Act like a lady. Take smaller bites. Comb your hair. Paint your nails. Play by the rules. Say you’re sorry. Don’t bite your brother…
(Okay, maybe that last one only applies to a few of us.)
Growing up, women are subtly taught how to act like the “fairer sex.” It may come as a surprise to some, but—news flash—women get dirty and sweaty and stinky, too. Our hands get calloused, our faces wrinkled, our minds and bodies tough. Unfortunately, it’s 2017 and all genders, not just women, still feel pressure to act a certain way because of subtle societal expectations.
And… (Disclaimer for the faint of heart who’d rather not read about how raunchy outdoor women really are: This might be a good place to stop) we’re just as gross and crude when we get together in the backcountry as any of the guys.
Many of us feel like we should filter ourselves in mixed groups. If the men in our lives are crass, we should laugh and roll our eyes. Many outdoor women are used to being the token female in a group of fellow adventurers and often find themselves in the role of the peacekeeper or the observer. Even in the outdoors, it’s common for those subtle messages we were brought up with to pop back into our minds.
Be nurturing. Lower your voice. Be modest. Set a good example. Fit in.
We’ve had men ask us why we go on all female trips and adventures outdoors. They jokingly accuse us of reverse sexism, and although they might say it with a smile, we know that they just don’t get it. Disagree with everything you have read so far all you want, but just know that we are speaking from experience with this kind of self-censorship.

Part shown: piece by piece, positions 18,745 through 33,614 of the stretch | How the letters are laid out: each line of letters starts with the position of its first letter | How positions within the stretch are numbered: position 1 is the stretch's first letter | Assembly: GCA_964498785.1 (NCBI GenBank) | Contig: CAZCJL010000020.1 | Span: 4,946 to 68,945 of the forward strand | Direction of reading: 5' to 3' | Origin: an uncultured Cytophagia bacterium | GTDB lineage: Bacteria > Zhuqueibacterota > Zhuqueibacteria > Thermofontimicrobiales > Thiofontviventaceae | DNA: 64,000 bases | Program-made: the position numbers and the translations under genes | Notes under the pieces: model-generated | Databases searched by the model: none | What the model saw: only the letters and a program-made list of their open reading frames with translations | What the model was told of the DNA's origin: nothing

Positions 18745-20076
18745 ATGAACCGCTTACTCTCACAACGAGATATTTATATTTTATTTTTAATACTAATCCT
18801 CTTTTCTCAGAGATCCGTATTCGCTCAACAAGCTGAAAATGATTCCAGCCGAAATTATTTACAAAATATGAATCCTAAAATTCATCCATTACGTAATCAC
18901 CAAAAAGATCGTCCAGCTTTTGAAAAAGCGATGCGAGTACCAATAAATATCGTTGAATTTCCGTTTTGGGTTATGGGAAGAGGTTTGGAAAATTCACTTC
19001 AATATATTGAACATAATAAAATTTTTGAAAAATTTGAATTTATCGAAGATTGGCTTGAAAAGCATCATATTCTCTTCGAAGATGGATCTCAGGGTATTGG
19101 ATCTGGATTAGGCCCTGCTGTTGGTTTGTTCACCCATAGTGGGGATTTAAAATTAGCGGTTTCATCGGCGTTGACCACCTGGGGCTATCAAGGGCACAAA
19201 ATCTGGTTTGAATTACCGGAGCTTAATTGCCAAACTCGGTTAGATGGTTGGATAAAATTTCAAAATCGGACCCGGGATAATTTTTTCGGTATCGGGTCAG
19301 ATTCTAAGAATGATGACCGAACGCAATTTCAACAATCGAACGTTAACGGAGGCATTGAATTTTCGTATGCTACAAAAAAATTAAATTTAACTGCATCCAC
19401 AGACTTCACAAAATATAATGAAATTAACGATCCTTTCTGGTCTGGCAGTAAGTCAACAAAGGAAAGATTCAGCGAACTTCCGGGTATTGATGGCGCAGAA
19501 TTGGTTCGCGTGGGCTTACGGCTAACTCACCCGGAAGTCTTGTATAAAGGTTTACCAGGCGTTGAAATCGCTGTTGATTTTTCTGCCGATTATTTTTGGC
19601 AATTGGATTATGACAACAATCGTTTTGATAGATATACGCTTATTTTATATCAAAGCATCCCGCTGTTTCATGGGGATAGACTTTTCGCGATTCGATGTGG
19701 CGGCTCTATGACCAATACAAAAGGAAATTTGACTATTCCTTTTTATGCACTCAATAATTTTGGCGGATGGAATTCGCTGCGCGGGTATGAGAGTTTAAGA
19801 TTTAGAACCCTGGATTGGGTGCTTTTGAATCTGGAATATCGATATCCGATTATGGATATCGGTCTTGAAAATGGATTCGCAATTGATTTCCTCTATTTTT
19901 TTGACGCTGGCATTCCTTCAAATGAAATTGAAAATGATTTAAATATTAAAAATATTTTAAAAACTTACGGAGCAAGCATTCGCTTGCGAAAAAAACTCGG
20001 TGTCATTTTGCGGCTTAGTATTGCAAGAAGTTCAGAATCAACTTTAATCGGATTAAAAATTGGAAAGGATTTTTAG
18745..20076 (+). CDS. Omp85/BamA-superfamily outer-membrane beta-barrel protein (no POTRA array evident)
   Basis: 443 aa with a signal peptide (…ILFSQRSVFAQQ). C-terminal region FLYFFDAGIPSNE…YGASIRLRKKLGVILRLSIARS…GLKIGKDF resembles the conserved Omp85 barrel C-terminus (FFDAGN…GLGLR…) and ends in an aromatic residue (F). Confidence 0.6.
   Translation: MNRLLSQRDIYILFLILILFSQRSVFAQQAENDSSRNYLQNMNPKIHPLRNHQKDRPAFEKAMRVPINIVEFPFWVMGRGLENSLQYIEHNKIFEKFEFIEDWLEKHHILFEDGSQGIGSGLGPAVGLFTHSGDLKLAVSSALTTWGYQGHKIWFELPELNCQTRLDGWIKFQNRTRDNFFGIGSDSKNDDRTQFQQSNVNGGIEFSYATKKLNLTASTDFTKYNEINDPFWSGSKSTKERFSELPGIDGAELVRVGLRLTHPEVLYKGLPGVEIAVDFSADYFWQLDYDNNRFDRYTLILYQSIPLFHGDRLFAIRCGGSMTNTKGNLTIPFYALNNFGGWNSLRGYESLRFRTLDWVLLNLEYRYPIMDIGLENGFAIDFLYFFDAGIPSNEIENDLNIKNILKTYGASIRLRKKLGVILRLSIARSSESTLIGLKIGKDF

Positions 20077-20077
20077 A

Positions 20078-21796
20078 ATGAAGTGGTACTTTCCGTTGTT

And we know we're right because there is something that happens in an all-female dynamic. The filters fall away. And it’s amazing how, when we are given permission to swear, be loud, raunchy, and unapologetic, that boldness translates into the sport or activity at hand. Failure becomes fine, and success seems more achievable.
(Another disclaimer, this is where it really gets raunchy.)
Swap those stories about periods and pregnancies and sex and poop. Laugh with each other 'til tears run down your face and you have to pop a squat in the middle of the woods so you don’t pee your pants.
Don’t know where to start? Here’s a few tips, tricks, and go-to subjects compiled from strong, bold, and seriously gross women on all female adventures:
While there are some ladies out there who are already unfiltered no matter the company (you know who you are!), almost anyone can learn something from opening up and being yourself. There's no shame in speaking the truth - and if those surrounding you can't handle it, it might be time to reevaluate your choice in crew.
Ultimately, when you let yourself get real, raw and comfortable with your adventure buddies and stop worrying about being 'polite,' you open yourself up to more - more progress, more fun, more laughs, more adventure, more connections, more camaraderie, more happiness, more everything!
Women in the Wild is a movement that recognizes the amazing women athletes and enthusiasts who enrich the outdoor community with their passions, inspirations, and accomplishments every day. With support from OluKai, KEEN, and Mountain Hardwear and many more organizations, Outdoor Project is proud to grow this campaign in 2018 and to be a platform for the incredible stories and photography of women throughout our community. From in-depth interviews to female-focused content from the community to phenomenal gear and travel giveaway packages, each and every article is a celebration of the fortitude, strength, and camaraderie that comes with being part of Women in the Wild.